Obama Press Secretary Gibbs Uses Twitter to Push NYT Hit Piece About Boehner
He maintains especially tight ties with a circle of lobbyists and former aides representing some of the nation's biggest businesses, including Goldman Sachs, Google, Citigroup, R. J. Reynolds, MillerCoors and UPS.
They have contributed hundreds of thousands of dollars to his campaigns, provided him with rides on their corporate jets, socialized with him at luxury golf resorts and waterfront bashes and are now leading fund-raising efforts for his Boehner for Speaker campaign, which is soliciting checks of up to $37,800 each, the maximum allowed. [...]
The woman he hopes to replace, Speaker Nancy Pelosi, derided him on Friday as having met "countless times with special-interest lobbyists in an effort to stop tough legislation" that would regulate corporations and protect consumers. And the Democratic Congressional Campaign Committee, through a spokeswoman, charged that he "epitomizes the smoked-filled, backroom, special-interest deal making that turns off voters about Washington."
So marvelous a hit job was done by Eric Lipton that Obama's Press Secretary Robert Gibbs sent four consecutive messages on Sunday to his 93,000 followers on Twitter:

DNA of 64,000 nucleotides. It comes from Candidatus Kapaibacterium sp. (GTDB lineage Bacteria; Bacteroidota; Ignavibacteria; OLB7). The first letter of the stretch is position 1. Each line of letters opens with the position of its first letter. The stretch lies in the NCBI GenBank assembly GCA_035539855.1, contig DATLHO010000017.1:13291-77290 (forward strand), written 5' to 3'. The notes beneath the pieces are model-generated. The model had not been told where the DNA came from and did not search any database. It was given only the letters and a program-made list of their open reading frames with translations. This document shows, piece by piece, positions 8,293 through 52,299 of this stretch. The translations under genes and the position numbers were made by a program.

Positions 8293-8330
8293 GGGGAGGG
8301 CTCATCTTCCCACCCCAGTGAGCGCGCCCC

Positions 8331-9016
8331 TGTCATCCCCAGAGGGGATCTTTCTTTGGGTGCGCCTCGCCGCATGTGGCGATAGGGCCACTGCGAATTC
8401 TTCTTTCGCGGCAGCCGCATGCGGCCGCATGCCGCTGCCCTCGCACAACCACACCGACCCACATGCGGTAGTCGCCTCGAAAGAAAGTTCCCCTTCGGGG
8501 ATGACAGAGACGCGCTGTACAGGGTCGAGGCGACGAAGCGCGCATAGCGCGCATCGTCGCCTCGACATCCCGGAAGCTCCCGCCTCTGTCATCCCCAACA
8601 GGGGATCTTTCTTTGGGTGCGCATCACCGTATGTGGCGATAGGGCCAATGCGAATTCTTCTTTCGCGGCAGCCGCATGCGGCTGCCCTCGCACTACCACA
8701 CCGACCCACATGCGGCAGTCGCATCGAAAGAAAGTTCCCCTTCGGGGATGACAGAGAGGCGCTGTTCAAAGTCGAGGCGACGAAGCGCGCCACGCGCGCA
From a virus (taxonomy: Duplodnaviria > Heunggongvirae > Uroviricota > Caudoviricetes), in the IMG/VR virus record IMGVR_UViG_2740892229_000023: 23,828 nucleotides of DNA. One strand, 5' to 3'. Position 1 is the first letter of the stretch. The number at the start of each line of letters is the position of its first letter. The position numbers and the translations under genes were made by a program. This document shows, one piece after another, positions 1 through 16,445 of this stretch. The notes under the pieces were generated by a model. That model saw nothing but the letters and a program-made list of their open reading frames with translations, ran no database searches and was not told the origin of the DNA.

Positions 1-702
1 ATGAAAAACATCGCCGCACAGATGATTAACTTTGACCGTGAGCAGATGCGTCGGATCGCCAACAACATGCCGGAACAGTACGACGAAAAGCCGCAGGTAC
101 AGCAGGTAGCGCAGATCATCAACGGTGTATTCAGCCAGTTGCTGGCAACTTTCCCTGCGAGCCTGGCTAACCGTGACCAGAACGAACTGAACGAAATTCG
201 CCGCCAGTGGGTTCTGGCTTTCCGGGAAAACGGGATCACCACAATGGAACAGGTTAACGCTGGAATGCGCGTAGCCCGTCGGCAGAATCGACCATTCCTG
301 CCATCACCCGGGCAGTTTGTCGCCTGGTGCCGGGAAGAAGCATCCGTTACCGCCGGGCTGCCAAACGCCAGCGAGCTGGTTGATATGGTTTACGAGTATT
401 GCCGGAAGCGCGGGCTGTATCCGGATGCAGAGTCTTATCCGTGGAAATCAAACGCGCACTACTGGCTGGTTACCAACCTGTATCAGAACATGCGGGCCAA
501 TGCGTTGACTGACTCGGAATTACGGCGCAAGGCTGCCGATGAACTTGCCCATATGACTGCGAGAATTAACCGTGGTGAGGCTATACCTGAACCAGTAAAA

Politico's Mike Allen decided to "retweet" one of Gibb's messages to his 36,000 followers:
Allen followed this with a tweet of his own concerning Boehner:
Gibbs must have liked that and retweeted it himself:
So, you can see how this campaign is going to work now:
- The White House, House Speaker Nancy Pelosi (D-Calif.), and/or Senate Majority Harry Reid (D-Nev.) will send their talking points to "news" outlets like the Times
- "News" outlets like the Times will dutifully echo such talking points
- The White House, Pelosi, and/or Reid will broadcast the "news" to all that are interested
- "News" outlets like the Times will dutifully echo such broadcasts.
This is the state of "journalism" in America today.
As Doug Ross noted Sunday, "[T]he White House doesn't even realize that its open collaboration with the Times' anonymously-sourced hit pieces -- disguised as 'news stories' -- is downright embarrassing."